Despite Comer’s hints to the contrary, domestic oil production is on the rise and expected to even reach record highs sometime next year. The U.S. Energy Information Administration reported on Wednesday that output recently hit 12 million barrels per day and is approaching the all-time high of 12.9 billion barrels per day, set in December 2019.

U.S. crude oil production dropped precipitously as a result of the COVID-19 pandemic when demand cratered in 2020, falling by 8 percent, the largest annual decline on record. U.S. crude oil production averaged 11.3 million barrels per day during that period, a time before Biden assumed office. Producers are still trying to catch up.

Even during periods when production is high, refiners find it difficult to keep pace. The U.S. currently features 135 refineries, two fewer than it did in 2009, and other facilities are aging. Regardless, the nation’s capacity still outpaces every other country in the world.

And there is the issue of profit taking. Refiners didn’t bank as much dough during the pandemic and there’s reason to believe they’re making up for lost time by gouging at the pump. Shell Oil’s earnings for the first quarter of 2022 hit an all-time high of $9.13 billion. Exxon/Mobil earned $5.48 billion during the same period while Chevron hauled in $6.3 billion.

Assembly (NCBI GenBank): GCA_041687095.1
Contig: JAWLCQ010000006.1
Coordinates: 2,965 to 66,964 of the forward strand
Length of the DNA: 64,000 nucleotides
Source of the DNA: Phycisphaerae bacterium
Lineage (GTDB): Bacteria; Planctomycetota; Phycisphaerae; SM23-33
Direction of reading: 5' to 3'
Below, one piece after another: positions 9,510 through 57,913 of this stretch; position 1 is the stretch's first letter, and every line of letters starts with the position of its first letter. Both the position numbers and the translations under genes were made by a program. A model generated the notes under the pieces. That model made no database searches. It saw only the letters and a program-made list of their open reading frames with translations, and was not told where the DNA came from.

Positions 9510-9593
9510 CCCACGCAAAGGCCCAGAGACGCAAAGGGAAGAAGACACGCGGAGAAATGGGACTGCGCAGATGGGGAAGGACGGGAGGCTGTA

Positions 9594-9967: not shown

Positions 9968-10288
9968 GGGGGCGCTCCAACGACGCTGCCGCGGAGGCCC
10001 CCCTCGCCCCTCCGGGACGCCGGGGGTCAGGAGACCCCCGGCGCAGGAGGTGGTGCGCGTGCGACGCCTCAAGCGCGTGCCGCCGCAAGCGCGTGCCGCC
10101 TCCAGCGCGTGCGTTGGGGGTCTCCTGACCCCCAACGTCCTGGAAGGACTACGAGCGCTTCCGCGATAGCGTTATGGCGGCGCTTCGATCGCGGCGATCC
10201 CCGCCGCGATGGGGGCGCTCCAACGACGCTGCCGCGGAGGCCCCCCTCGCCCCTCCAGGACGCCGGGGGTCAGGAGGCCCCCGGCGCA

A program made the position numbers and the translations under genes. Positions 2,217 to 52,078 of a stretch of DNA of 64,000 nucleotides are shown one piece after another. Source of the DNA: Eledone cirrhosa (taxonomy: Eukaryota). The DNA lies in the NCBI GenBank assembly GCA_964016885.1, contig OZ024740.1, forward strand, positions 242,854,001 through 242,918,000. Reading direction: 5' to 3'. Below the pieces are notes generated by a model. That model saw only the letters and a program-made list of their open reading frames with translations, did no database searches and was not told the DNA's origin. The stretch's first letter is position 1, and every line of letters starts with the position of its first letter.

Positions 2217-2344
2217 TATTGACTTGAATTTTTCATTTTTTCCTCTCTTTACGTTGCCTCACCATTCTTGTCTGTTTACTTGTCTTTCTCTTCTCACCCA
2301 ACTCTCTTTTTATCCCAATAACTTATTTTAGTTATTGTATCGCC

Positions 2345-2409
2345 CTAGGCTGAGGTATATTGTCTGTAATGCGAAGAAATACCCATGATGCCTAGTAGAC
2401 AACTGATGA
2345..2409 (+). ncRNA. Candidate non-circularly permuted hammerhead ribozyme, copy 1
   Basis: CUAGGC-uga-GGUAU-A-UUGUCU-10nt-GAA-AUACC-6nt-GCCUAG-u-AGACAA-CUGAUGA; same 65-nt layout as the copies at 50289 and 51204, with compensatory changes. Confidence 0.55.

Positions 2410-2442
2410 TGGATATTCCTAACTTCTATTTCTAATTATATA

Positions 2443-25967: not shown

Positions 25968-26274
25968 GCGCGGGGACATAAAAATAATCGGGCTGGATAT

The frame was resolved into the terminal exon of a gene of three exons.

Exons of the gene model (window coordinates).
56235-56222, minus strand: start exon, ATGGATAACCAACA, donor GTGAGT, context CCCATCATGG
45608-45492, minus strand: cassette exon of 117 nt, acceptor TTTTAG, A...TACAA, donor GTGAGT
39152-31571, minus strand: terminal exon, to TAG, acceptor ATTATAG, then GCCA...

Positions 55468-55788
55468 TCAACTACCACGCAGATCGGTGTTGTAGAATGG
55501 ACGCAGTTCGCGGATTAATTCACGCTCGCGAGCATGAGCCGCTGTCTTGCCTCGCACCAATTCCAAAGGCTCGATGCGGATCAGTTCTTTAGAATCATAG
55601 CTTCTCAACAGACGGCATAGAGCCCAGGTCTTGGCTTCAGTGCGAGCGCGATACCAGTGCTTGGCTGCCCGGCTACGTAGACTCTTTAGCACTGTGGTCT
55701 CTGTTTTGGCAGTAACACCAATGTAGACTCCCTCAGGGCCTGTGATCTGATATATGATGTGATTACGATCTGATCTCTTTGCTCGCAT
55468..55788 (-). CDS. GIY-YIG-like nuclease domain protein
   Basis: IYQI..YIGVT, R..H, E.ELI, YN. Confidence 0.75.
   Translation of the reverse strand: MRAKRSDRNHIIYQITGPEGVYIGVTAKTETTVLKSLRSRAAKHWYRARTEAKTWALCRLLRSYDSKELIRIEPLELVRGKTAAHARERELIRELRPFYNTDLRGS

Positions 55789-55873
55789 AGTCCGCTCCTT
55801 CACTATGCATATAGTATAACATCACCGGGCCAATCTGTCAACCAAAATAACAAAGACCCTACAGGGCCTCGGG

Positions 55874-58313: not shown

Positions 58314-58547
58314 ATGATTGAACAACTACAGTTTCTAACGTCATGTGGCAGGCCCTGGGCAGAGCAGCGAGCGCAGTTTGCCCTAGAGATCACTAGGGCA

Nice, tidy sums, wouldn’t you say? But, according to our boy Jamie, the high pump prices are all Biden’s fault. Perhaps he can explain the policies that are expected to raise production to all time highs in 2023 and the fact that Big Oil is hauling in billions and billions of dollars while pump prices catapult to going on $6 per gallon.

And baby formula. There’s a shortage. Citing the rule defined before, Biden is president, so it’s his fault.

Comer, I’m sure you’ll be surprised to learn, agrees.